As members of the academic community, students accept both the rights and responsibilities incumbent upon all members of the institution. Students are encouraged to familiarize themselves with SJSU's policies and practices pertaining to the procedures to follow if and when questions or concerns about a class arises. See University Policy S90-5 at More detailed information on a variety of related topics is available in the SJSU catalog at In general, it is recommended that students begin by seeking clarification or discussing concerns with their instructor. If such conversation is not possible, or if it does not serve to address the issue, it is recommended that the student contact the Department Chair as a next step.

Dropping and Adding

Students are responsible for understanding the policies and procedures about add/drop, grade forgiveness, etc. Refer to the current semester's Catalog Policies section at Add/drop deadlines can be found on the current academic year calendars document on the Academic Calendars webpage at The Late Drop Policy is available at Students should be aware of the current deadlines and penalties for dropping classes.

Information about the latest changes and news is available at the Advising Hub at

Consent for Recording of Class and Public Sharing of Instructor Material

University Policy S12-7,, requires students to obtain instructor's permission to record the course and the following items to be included in the syllabus:

  • "Common courtesy and professional behavior dictate that you notify someone when you are recording him/her. You must obtain the instructor's permission to make audio or video recordings in this class. Such permission allows the recordings to be used for your private, study purposes only. The recordings are the intellectual property of the instructor; you have not been given any rights to reproduce or distribute the material."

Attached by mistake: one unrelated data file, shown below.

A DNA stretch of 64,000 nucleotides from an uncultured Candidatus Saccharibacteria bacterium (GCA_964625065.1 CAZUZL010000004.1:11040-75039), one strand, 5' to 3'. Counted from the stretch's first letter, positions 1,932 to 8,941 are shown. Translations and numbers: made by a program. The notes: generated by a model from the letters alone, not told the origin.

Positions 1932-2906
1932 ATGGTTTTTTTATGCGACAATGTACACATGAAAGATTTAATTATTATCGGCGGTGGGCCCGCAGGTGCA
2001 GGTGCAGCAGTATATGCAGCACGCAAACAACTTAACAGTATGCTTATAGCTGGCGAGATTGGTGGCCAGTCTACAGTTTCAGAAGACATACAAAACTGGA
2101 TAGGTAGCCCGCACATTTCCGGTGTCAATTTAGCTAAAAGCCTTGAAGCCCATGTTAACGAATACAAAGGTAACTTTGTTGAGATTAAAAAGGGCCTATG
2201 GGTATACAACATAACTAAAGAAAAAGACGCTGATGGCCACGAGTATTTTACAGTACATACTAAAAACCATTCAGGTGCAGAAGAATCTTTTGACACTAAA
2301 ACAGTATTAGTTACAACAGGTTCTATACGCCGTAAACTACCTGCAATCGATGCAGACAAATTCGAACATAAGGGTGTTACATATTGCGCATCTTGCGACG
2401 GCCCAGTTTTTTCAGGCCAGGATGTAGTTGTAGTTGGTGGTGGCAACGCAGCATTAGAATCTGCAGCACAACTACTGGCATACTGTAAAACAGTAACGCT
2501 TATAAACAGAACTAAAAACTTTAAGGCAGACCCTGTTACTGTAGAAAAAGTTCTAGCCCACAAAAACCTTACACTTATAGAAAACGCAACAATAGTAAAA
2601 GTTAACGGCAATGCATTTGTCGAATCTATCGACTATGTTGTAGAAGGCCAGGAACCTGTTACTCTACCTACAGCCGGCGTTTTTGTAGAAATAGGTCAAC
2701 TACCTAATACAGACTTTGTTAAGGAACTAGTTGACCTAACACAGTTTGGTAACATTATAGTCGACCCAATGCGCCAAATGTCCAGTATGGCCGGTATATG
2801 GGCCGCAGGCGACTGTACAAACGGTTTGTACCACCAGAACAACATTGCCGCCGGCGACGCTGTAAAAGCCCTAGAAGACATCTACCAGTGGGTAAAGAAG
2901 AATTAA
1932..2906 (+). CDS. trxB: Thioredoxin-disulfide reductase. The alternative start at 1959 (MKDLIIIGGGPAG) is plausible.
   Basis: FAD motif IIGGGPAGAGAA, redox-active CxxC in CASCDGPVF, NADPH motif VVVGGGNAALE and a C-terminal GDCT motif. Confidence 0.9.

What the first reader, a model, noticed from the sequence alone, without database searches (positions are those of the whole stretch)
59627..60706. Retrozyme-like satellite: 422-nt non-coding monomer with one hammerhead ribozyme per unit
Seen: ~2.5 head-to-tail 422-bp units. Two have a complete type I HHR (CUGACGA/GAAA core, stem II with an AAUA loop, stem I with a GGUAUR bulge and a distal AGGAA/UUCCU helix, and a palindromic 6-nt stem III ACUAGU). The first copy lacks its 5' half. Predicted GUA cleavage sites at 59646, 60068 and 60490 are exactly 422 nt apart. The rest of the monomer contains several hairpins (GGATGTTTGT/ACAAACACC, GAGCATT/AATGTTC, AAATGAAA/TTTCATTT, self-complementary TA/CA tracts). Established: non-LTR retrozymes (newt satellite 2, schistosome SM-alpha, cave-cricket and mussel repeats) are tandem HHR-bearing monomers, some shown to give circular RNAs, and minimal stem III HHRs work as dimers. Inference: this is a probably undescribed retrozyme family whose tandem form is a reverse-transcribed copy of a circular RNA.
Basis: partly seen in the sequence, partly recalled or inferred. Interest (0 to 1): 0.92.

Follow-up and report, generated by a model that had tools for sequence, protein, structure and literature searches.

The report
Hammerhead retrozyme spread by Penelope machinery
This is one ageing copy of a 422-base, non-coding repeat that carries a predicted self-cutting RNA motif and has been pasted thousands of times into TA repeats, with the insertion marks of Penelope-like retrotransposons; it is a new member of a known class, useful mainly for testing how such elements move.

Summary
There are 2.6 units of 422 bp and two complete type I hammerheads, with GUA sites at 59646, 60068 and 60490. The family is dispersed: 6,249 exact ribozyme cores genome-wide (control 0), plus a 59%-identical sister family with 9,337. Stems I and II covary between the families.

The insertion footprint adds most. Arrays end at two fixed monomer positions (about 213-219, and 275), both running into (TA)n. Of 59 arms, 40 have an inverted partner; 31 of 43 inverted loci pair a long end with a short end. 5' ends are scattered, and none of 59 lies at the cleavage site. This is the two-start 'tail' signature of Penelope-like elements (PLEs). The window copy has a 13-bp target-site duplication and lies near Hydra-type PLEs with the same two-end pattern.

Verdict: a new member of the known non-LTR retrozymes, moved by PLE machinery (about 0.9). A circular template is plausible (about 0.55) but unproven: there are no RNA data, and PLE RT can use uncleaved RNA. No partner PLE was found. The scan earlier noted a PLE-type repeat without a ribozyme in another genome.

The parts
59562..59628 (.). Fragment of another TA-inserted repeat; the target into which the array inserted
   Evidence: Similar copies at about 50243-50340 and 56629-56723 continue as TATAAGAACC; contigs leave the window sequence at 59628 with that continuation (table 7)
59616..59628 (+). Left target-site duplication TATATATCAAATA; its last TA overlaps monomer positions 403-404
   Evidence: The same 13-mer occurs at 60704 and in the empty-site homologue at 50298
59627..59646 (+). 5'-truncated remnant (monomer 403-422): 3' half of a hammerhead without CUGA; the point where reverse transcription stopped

• It is suggested that the syllabus include the instructor's process for granting permission, whether in writing or orally and whether for the whole semester or on a class by class basis.
    • In classes where active participation of students or guests may be on the recording, permission of those students or guests should be obtained as well.
  • "Course material developed by the instructor is the intellectual property of the instructor and cannot be shared publicly without his/her approval. You may not publicly share or upload instructor generated material for this course such as exam questions, lecture notes, or homework solutions without instructor consent."

Academic integrity

Your commitment, as a student, to learning is evidenced by your enrollment at San Jose State University. The University Academic Integrity Policy F15-7 at requires you to be honest in all your academic course work. Faculty members are required to report all infractions to the office of Student Conduct and Ethical Development. The Student Conduct and Ethical Development website is available at

Campus Policy in Compliance with the American Disabilities Act

If you need course adaptations or accommodations because of a disability, or if you need to make special arrangements in case the building must be evacuated, please make an appointment with me as soon as possible, or see me during office hours. Presidential Directive 97-03 at requires that students with disabilities requesting accommodations must register with the Accessible Education Center (AEC) at to establish a record of their disability.